Internationally, "Planet of Sound" peaked at number 27 in the UK in June 1991, and number 35 in New Zealand in August 1991.
 
Within Australia, "Planet of Sound" performed strongest in New South Wales/Australian Capital Territory, where it reached number 93.

A music video does not appear to have been filmed for "Planet of Sound", but a lyric video, embedded below, appears on the band's official YouTube channel.

I hadn't heard this one before.  I can't say I enjoyed it; it just sounds like noise to me.

Given my interest in charts and new music falls off a cliff in the very late 90s/early 2000s, it is unlikely I will be writing these chart recaps when it comes Pixies' next charting single in Australia, in 2016.

 
 
Bubbling WAY down under:
 
Number 159 "Everyday People" by Aretha Franklin
Peak: number 159
Peak date: 5 August 1991
Weeks on chart: 2 weeks 

Aretha Franklin hardly needs an introduction, as the queen of soul.  Her last major chart hit in Australia, however, was her duet with George Michael, "I Knew You Were Waiting (For Me)", which spent four weeks at number 1 in March and April of 1987.  Until her death from neuroendocrine pancreatic cancer at age 76 in 2018, Aretha's last top 100 single in Australia was "Through the Storm" (number 60, June 1989), a duet with Elton John.  Aretha's voice was prominently sampled, however, on 49ers' "Touch Me" (number 18, July 1990), though she was not credited.
 
"Everyday People", a cover version of the 1968 Sly and the Family Stone song, was the lead single from Aretha's thirty-third studio album What You See Is What You Sweat, which missed the ARIA top 150 albums chart.
 
Internationally, Aretha's version of "Everyday People" peaked at number 69 in the UK in July 1991.  I don't count them as 'real' charts, but "Everyday People" also made number 13 on the US Billboard Hot R&B/Hip-Hop Songs chart in August 1991, and number 33 on the US Billboard Dance Club Songs chart during the same month.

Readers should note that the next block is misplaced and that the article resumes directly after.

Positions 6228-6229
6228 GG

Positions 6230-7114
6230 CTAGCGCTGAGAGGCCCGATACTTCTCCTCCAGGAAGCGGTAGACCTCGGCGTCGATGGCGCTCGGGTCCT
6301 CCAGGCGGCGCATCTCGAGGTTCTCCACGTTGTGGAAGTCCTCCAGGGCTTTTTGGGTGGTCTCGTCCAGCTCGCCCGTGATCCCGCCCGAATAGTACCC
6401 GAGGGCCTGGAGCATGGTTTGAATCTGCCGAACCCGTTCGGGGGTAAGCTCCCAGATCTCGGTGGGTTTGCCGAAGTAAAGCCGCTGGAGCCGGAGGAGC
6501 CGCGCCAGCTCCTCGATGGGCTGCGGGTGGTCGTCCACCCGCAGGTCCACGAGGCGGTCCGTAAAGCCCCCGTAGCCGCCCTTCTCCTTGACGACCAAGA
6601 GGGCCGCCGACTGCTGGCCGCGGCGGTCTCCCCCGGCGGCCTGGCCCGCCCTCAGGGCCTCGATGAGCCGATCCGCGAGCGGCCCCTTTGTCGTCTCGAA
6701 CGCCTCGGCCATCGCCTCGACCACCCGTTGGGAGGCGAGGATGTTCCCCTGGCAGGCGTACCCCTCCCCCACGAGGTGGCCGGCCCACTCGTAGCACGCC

Domestically, "Everyday People" was most popular in New South Wales/Australian Capital Territory, where it reached number 151.

Aretha will join us next in 1994.
 

 
Number 171 "The Robots" by Kraftwerk (1991 version)
Peak: number 161
Peak date: 12 August 1991
Weeks on chart: 5 weeks

We saw German electronic music pioneers Kraftwerk in 1981The original version of "The Robots", which I prefer to this 1991 re-recording, appeared on Kraftwerk's seventh studio album The Man Machine (number 56, September 1978).
 
Kraftwerk released an album containing re-arranged and re-recorded versions of some of their older songs, The Mix (number 132, September 1991).  The 1991 version of "The Robots" was released as a single to promote it, along with a new music video depicting a robotic version of the band.

The 1991 recording of "The Robots" peaked at number 20 in the UK in June 1991, number 26 in Ireland in June 1991, and number 18 in Germany in July 1991.

In Australia, "The Robots" performed strongest in Queensland, where it reached number 145.

A 1991 version of "Radioactivity" was released as a second single from The Mix in Europe, but not in Australia.  I much prefer this to the 1991 version of "The Robots".

We shall next see Kraftwerk in 2000.



Number 174 "Winter in July" by Bomb the Bass